This story was updated at 6:20 p.m. ET.
A full-scale space shuttle replica came into dock on Friday (June 1), but rather than pull into an orbiting space station, it arrived at port in a Texas lake near NASA's Houston space center.
The high-fidelity space shuttle mockup, which was known as "Explorer" for the 18 years it was at NASA's Kennedy Space Center Visitor Complex in Florida, sailed into Houston's Clear Lake to a dock opposite the Johnson Space Center (JSC), where it will be offloaded for display.
"Though this is not a space flown orbiter," JSC director Michael Coats said, "it is the only one we know that is seaworthy."
The replica left the Florida spaceport on May 24 atop an open-air, flat-bed barge and made its way around the Florida peninsula and through the Gulf of Mexico. It entered Galveston Bay on Thursday (May 31).
Its arrival at the Clear Lake dock, which occurred at 4:12 p.m. EDT (2012 GMT), kicked off a weekend "Shuttlebration" that culminates in an early Sunday morning parade to move the mockup 1-mile (1.6-kilometer) to Space Center Houston, the official visitor center for Johnson. [Gallery: Space Shuttle Replica Docks in Houston]
A welcome ceremony launched the celebration on Friday, with the performance of the national anthem and a flyover by NASA's T-38 astronaut training jets. Houston Mayor Annise Parker joined other local mayors delivering remarks before Max Q, the "All-Astronaut Band" took the stage.
"We don't need an artifact to remind us of the space program, we've lived the space program," Mayor Parker said. "Our neighbors are the space program. Our history is the space program and we're just glad this was a successful relocation of this mockup of the space shuttle so we can get it installed at Space Center Houston.
The Friday evening celebration was scheduled to end at 10 p.m. EDT (0200 GMT June 2) with a fireworks display over Clear Lake.
On Saturday, cranes will off-load the 122.7 foot long by 54 foot tall (37.4 by 16.5 meter) mockup off the barge and onto a wheeled transporter. The 130,000 pound (60,000 kilogram) replica is the largest item to come on shore using the Johnson Space Center dock since the three stages of a Saturn V moon rocket arrived in 1977 for display.
The public "Shuttlebration" will pick up at 6 a.m. EDT (1000 GMT) Sunday for the replica's three-hour trip to Space Center Houston. The slow roll will give workers time to clear traffic signals, trees and other obstacles along NASA Parkway (also known as NASA Road 1).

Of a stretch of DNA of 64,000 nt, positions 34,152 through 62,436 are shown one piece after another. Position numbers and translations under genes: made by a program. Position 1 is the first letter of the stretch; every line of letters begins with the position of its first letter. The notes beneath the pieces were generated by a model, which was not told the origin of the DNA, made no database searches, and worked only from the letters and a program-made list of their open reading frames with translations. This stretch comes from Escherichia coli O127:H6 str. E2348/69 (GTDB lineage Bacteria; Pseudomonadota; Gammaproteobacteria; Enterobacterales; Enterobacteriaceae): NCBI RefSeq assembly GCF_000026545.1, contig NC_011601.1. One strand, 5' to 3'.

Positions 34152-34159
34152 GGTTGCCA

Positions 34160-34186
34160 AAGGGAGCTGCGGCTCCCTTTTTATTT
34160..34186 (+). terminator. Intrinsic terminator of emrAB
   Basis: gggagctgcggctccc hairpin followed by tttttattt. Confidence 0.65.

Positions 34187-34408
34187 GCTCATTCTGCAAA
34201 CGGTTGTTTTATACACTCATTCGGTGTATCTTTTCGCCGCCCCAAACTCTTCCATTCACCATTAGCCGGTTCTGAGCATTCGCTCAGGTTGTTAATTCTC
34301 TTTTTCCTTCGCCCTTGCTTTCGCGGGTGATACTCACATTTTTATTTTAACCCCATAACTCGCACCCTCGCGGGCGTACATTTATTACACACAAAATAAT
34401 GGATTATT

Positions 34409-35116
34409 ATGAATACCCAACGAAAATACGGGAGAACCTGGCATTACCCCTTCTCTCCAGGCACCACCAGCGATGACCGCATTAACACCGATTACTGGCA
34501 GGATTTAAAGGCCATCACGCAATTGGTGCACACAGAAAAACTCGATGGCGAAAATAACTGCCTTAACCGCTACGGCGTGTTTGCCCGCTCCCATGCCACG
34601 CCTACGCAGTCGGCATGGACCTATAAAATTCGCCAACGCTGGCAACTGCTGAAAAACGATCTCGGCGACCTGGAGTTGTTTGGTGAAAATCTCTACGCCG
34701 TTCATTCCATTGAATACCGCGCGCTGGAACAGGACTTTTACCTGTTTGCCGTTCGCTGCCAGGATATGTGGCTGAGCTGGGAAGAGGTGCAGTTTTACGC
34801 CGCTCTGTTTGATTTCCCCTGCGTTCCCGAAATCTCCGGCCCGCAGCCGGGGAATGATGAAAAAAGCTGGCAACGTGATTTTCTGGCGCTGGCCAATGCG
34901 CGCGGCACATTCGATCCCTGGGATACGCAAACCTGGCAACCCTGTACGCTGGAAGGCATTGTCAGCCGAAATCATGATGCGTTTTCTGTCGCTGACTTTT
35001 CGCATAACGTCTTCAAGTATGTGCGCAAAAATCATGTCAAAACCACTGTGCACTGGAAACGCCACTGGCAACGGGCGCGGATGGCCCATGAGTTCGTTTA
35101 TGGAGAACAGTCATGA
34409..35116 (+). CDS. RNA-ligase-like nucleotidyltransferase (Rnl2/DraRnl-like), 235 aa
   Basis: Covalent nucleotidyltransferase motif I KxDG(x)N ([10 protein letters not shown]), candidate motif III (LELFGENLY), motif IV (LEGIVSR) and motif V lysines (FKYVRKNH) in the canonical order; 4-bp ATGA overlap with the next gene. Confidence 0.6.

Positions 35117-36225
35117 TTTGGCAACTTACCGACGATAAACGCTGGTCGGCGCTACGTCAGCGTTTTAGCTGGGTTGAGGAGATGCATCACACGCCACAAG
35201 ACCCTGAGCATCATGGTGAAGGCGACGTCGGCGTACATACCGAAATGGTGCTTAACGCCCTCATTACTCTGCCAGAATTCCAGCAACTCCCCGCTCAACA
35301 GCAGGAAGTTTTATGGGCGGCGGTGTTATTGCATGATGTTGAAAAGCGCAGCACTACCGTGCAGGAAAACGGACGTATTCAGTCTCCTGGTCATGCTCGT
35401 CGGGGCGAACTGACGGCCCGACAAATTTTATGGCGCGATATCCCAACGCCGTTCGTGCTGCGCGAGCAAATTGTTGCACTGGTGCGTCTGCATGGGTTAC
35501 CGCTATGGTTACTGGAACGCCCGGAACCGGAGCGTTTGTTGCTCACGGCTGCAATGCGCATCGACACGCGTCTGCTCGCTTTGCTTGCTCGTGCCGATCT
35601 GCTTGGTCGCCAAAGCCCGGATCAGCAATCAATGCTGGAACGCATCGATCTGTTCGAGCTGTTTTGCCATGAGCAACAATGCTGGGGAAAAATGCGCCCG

NASA's next generation exploration rovers will join the procession, symbolizing the future of the space shuttle's human spaceflight legacy.
"We want them to see our history, but we want to be inspired to go out and make history with us," Coats told collectSPACE.com.
Once the space shuttle mockup is in place outside Space Center Houston, the visitor center will open its parking lot for a free, family-friendly display of space-related exhibits and activities. Guests will also have the opportunity to view the space shuttle mockup at its new home.
The replica will eventually become the star attraction of an educational exhibition themed around the retired space shuttle program. Designed for outdoor display, the mockup is fully-detailed inside and out. Once an access ramp is erected later this year, Space Center Houston visitors will be able to walk through the orbiter to see its crew compartment and inside its payload bay.
Built by Melbourne, Fla.-based aerospace replica manufacturer Guard-Lee, Inc., the mockup is considered to be the highest fidelity model of the shuttle ever created. Built using schematics, blueprints and archived documents lent by NASA and its shuttle contractors, some of the mockup's core parts, including the tires used on its landing gear, are authentic to the shuttle program.
"I think it's realistic enough for the kids to understand what we were doing when we were flying the space shuttles, which is the important thing to me," Coats said. "I want to inspire young people."
Visit shuttles.collectspace.com for continuing coverage of the delivery and display of NASA's retired space shuttles.